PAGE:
Michael Gow


Michael GowAfter nearly eleven years as Artistic Director of the Queensland Theatre Company, Michael Gow says it’s time to put his energy back into writing.

His decision to step down at the end of August comes after a year that included productions as diverse as David Williamson’s romantic satire Let the Sunshine and the explosive Anatomy Titus Fall of Rome.

Now that the dust has settled, Gow describes Titus as “a kind of dummy spit.”

“It was a reaction to the pressure to make theatre ‘accessible’ on the one hand and somehow ‘cutting edge’ or ‘innovative’ on the other,” he explains.

“It was largely a series of first ideas mashed into an event that was confused and confusing, to see if something might still emerge that might have at least intermittent meaning, which I think it did.”

Gow says his next project with the Bell Shakespeare Company will be “a lot more considered.”

“The departure will be the approach to the text,” he explains. “It will be a move away from performing actual plays and working on a piece that has a collage or assemblage of text, image and music around a theme.”

Gow admits this is not a new idea, but that it is something state theatre companies aren’t used to doing. “It's something of great interest to me,” he says.

When asked whether audiences are looking for more challenging theatre than is currently available, Gow puts the emphasis on the various kinds of audiences that file into theatres on any given night.

“It was interesting to me that so many people said Let the Sunshine was the best thing the Company had ever done,” he explains. “That's one kind of audience who want to see themselves or people they know on stage, going through things they are familiar with.”

At the same time, Gow says there are also audiences looking for theatre that is new, unexpected, and even difficult to read. He maintains some audiences want an experience that is “intense and disturbing,” something that “leaves them exhausted and drained and incapable of speech.”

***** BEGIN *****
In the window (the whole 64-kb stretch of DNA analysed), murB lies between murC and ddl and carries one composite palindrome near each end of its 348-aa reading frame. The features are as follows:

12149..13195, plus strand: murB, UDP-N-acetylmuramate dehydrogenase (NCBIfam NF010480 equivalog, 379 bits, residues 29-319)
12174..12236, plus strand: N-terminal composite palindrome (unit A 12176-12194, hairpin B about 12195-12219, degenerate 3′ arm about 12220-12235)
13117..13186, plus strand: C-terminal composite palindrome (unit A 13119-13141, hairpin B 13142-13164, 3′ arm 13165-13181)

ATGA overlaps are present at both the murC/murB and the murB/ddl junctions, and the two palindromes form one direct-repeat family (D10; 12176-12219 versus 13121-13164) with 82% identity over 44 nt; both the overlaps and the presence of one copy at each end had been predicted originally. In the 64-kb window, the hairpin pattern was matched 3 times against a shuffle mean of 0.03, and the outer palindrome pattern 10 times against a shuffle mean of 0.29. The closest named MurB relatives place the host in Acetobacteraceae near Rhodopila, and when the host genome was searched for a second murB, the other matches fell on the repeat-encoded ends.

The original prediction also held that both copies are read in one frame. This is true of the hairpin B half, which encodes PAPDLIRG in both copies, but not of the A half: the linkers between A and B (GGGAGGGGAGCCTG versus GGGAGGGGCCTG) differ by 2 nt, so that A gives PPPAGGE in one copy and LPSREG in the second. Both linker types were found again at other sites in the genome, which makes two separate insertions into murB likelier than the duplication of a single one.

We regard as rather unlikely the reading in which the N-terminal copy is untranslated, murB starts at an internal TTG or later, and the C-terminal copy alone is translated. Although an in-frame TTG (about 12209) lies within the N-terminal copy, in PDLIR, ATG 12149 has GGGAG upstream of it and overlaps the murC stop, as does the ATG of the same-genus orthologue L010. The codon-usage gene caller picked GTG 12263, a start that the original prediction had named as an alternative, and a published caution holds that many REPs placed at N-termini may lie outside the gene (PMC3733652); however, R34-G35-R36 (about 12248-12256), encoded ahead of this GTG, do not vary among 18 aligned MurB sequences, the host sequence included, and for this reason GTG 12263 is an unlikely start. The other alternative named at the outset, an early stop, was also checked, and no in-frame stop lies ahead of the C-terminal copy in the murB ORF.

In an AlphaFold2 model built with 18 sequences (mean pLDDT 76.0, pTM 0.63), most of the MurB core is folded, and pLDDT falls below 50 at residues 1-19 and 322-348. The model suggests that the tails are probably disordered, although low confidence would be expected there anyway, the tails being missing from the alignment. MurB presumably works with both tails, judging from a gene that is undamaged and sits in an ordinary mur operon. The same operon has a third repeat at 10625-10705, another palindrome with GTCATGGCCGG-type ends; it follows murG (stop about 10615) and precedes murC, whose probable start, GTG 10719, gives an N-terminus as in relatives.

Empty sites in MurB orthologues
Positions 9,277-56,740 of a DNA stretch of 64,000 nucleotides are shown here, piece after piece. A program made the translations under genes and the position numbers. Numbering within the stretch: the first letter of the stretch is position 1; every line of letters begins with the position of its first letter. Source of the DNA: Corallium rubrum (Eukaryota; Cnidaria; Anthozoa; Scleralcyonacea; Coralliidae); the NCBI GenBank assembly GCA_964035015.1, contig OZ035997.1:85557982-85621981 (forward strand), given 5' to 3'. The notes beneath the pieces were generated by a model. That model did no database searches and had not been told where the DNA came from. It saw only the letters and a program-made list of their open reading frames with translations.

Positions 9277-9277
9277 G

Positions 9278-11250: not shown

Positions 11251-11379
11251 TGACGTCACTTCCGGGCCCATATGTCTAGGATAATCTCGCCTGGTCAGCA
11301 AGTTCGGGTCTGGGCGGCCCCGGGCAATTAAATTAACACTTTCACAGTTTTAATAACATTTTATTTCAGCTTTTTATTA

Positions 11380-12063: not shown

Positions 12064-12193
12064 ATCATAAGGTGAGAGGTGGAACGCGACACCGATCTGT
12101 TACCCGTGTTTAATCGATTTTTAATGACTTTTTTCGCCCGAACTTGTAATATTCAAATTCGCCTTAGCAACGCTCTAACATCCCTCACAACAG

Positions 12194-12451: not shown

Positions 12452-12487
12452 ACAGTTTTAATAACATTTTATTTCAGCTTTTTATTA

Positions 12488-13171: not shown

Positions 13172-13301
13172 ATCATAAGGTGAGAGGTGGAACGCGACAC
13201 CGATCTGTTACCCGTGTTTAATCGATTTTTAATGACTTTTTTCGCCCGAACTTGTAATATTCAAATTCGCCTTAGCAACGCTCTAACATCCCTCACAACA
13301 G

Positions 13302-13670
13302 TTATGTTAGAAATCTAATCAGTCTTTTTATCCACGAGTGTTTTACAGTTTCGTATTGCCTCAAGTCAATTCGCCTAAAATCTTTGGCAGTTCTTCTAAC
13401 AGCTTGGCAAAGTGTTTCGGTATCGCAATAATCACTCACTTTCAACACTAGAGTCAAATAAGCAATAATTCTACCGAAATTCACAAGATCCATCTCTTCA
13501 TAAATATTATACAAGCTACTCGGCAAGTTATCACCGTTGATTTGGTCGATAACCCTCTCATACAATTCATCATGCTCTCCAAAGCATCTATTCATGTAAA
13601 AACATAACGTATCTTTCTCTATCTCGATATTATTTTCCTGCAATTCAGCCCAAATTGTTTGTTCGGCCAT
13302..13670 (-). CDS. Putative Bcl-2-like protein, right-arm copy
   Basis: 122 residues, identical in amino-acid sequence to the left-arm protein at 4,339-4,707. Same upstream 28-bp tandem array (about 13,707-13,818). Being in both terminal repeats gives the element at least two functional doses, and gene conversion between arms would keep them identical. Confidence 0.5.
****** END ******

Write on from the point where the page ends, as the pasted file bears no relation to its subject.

“The Black Lung, an exciting Melbourne-based company, is coming to Brisbane to start a piece that in style, content and process will be unlike anything people in Brisbane are used to,” Gow reveals. “I think there's a real hunger for not just pushing boundaries but marching over them as they lie smoking in a heap.”

In leaving his role as Artistic Director, Gow can finally take a break from the challenges of theatre funding – something he describes as “a tango we have to be good at to make it all work.”
{xtypo_quote_right}I think there's a real hunger for not just pushing boundaries but marching over them as they lie smoking in a heap{/xtypo_quote_right}
“Governments know some cultural activity is important so they do their best, but keep having to find justifications like ‘accessibility’ or education,” he explains.

“With sponsors it's just as difficult,” Gow adds. “They need something they feel comfortable bringing clients to.”

But what if funding were taken out of the equation – what kind of production would Gow bring to Australian theatres then? He happens to have an example in mind: Ulrike Maria Stuart, a production by Austrian writer Elfriede Jelinek.

“She combined the story of the Baader-Meinhof Gang with Schiller's play Maria Stuart about Mary, Queen of Scots,” Gow explains.

“It was like a rock concert at times, at times classical theatre,” he says of the Hamburg show. “At one point, the actors handed out water bombs to the audience and we got to throw them at photos of German politicians while the actors got naked and rolled around in mud screaming ‘Deutschland ist Scheisse!’”.

If that couldn’t be organised, Gow has an alternative: “Heiner Müeller's production of The Resistible Rise of Arturo Ui at the Berliner Ensemble. An amazing performance by an actor called Martin Wuttke as Ui, who played it like a mad dog.”

While Gow is leaving his current role at the QTC, it’s expected that he will stay connected to the Company as a freelance artist. Let’s hope there are still a few mad dogs and water bombs waiting in the wings.



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